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The Middle Eastern Studies minor offers students an interdisciplinary and historically grounded understanding of the societies, polities, economies, and cultures of the Middle East and North Africa. It can be fruitfully combined with a wide range of disciplinary majors to prepare students for work or graduate study, with the ability to think critically and constructively about the region’s internal dynamics and relationship(s) to other regional and global communities. Courses counted toward the minor must be completed with a grade of C- or higher.
REQUIREMENTS FOR THE MINOR
interdisciplinary, 6 courses
The minor consists of three core courses and three electives. No more than three courses from one division may be counted toward the minor. Students may choose to take the fourth core course as one of their electives, and may count one of the available regional language courses (Arabic, Hebrew, or French) at or above the equivalent of the fourth semester. Courses taken abroad on non-HWS programs will be considered on a case-by-case basis. Other relevant courses offered less frequently may be counted toward the minor in consultation with the minor adviser. All courses must be passed with a grade of C- or higher. Credit/no credit courses cannot be counted towards the minor.
POL 258 Comparative Politics of the Middle East
POL 285 International Politics of the Middle East
REL 219 Introduction to the Islamic Religious Tradition
REL 274 Zionism, Israel and the Middle East Conflict
ARTH 249 Islamic Art and Architecture
ARTH 254 Islamic Art at the Crossroads
ASN 202 Ottoman World: Islam and the West
ECON 233 Comparative Economics
ENG 209 Contemporary Israeli Literature
FRNE 219 Beyond Colonialism: North African Cinema & Literature
JORD 400 Modernization and Social Change in Jordan
JORD 402 Independent Field Study in Jordan (division dependent on focus)
POL 289 Political Economy of Development in Egypt
POL 312 Political Reform in the Middle East
POL 401 Yemen: Politics on/of the Periphery
POL 401 Islamic Political Thought
REL 236 Gender and Islam
REL 242 Islamic Mysticism
REL 248 Islamic Ethics and Politics
REL 280 Negotiating Islam
REL 335 Jihad
REL 347 Gender and Globalization in the Muslim World
REL 370 Jewish Messianism
One independent study course may also be counted toward the minor with permission of the minor adviser.
MES 200 Ottoman Worlds The modern Middle East as it is configured today is the byproduct of the particular circumstances and set of governing practices that characterized the Ottoman Empire. Far from a medieval monolith, this was an adaptive, modernizing empire that switched together peoples of different languages, religions, ethnicities, and political commitments. Yet well before it was formally dissolved in the defeat of the First World War, the coherence of Ottoman rule was disintegrating along its periphery. This course maps both the construction and disintegration of the empire, showing how both jointly made the network of states that replaced it. As an interdisciplinary course drawing from the humanities and social sciences, the course asks students to map and critically understand a variety of cultures of resistance through which Ottoman subjects worked to fashion their lives and their empire.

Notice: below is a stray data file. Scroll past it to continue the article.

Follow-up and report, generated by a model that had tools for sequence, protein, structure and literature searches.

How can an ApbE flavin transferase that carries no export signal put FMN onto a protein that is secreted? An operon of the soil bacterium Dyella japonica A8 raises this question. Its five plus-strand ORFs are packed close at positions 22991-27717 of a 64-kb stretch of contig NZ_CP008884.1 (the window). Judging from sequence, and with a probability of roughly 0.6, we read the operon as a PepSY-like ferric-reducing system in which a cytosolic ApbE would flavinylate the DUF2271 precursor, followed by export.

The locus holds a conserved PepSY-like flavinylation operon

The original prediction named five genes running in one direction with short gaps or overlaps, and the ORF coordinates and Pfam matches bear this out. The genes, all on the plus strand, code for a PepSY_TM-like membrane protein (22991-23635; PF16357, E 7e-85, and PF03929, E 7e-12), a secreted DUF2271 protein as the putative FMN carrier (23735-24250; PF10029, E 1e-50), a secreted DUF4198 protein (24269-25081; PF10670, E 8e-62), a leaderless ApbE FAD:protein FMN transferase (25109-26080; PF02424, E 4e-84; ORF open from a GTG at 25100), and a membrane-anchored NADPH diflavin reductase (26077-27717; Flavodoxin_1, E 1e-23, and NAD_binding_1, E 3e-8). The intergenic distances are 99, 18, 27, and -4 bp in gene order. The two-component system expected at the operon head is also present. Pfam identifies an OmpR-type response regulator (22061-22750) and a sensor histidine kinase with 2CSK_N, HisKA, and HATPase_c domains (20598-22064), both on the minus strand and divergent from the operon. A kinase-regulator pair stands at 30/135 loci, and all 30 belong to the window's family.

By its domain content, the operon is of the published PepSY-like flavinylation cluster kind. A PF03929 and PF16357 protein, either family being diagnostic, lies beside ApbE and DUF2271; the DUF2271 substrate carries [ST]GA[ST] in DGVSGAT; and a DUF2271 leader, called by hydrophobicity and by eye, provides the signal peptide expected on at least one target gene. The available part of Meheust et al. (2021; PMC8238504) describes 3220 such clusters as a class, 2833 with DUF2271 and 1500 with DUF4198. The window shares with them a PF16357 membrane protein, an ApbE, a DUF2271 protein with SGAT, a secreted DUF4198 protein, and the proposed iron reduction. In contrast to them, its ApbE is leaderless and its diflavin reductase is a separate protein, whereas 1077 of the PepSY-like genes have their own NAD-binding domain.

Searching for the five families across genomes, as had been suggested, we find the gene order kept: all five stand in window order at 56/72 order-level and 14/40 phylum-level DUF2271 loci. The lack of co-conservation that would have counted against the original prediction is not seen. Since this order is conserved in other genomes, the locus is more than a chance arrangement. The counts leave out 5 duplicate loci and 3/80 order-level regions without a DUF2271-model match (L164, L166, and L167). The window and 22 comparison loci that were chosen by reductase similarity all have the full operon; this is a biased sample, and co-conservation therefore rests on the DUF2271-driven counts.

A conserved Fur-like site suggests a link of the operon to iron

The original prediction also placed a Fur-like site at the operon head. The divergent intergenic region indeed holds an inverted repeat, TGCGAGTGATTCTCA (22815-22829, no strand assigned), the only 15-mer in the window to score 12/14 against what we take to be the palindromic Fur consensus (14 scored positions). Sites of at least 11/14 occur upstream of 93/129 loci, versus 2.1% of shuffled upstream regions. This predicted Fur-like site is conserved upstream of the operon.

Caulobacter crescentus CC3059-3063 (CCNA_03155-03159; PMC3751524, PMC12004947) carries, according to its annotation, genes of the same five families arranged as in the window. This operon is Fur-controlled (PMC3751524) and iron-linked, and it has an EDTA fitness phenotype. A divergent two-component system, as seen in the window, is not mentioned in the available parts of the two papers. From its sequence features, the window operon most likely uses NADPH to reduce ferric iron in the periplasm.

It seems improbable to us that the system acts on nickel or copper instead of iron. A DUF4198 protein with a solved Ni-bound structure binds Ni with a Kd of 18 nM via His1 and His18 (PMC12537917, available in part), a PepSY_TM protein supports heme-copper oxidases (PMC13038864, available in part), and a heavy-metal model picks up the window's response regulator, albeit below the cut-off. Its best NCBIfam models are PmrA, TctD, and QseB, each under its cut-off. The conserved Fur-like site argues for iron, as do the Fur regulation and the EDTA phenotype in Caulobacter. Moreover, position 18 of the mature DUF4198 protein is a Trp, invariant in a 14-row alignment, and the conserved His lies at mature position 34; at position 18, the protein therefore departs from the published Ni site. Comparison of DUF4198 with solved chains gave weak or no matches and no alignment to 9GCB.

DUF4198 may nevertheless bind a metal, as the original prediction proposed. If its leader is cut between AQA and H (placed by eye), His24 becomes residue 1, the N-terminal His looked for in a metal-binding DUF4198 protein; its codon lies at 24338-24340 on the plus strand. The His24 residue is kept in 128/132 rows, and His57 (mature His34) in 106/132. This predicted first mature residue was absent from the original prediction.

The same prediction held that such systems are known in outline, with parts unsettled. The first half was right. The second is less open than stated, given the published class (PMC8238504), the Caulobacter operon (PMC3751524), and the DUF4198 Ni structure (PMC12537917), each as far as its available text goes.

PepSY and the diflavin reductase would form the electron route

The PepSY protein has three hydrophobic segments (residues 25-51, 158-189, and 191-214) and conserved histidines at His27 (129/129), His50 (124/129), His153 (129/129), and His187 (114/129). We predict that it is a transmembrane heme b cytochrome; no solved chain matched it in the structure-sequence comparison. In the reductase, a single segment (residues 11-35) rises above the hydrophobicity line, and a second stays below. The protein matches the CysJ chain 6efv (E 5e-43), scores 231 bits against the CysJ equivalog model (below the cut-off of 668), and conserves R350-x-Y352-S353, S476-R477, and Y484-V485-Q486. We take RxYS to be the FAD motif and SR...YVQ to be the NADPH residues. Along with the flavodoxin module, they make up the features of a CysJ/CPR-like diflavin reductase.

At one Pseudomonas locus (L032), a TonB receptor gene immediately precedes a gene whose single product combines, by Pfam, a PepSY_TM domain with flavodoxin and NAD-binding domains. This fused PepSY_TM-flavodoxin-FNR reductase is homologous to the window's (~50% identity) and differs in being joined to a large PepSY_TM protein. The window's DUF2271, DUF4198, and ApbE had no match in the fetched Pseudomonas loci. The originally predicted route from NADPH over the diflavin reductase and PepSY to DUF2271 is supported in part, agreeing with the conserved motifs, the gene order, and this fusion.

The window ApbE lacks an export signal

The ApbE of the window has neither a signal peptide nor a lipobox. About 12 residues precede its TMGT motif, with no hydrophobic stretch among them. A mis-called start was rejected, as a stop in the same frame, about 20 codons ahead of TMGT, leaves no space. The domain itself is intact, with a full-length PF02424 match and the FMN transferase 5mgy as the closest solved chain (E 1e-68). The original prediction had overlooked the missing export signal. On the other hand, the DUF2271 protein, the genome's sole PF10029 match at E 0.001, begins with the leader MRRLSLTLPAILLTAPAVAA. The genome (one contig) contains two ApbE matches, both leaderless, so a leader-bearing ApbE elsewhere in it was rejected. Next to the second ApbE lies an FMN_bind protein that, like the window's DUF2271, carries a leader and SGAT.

ARABIC LANGUAGE STUDY AT HWS
HWS currently offers a four-semester Arabic language sequence. The introductory levels are taught under the MES 101 and MES 102 designations, and the intermediate levels are offered via HWS’s Less Commonly Taught Languages program (LCTL). For students entering the sequence above MES 101 and/or transferring credits from outside of HWS, the following is a guide to the material covered each semester.
ARAB 101 Introductory Arabic I (every fall): By the end of the first semester, students will be able to recognize and pronounce the letters of the Arabic alphabet; they will be able to read basic sentences in the present tense and to engage in very simple conversations involving descriptions of people, places, and activities.
ARAB 102 Introductory Arabic II (every spring): By the end of the second semester, students will be able to speak and to write about basic daily activities. They should be able to read simple authentic texts and to comprehend and produce accurately the basic sentence structures common to formal and spoken Modern Standard Arabic. Students should have a general knowledge of features of daily life and culture in the Middle East and North Africa.
ARAB 201 Intermediate Arabic I (every fall): By the end of the third semester, students should be able to talk about daily life and family and should be able to write and speak in the present, in the past and in the future. This level will introduce more advanced structures of the language common to media and literary forms of expression, and use authentic texts to explore some of the variation across Arabic-speaking cultures.
ARAB 222 Intermediate Arabic II (every spring): By the end of the fourth semester, students should be able to translate increasingly complex sentences from Arabic to English. They will also analyze and study a wider range of literary and cultural forms of expression through the use of short primary sources, and will have expanded their vocabulary beyond everyday life. A wide range of media and textual sources will also expand students’ knowledge of the Arab world and its cultures.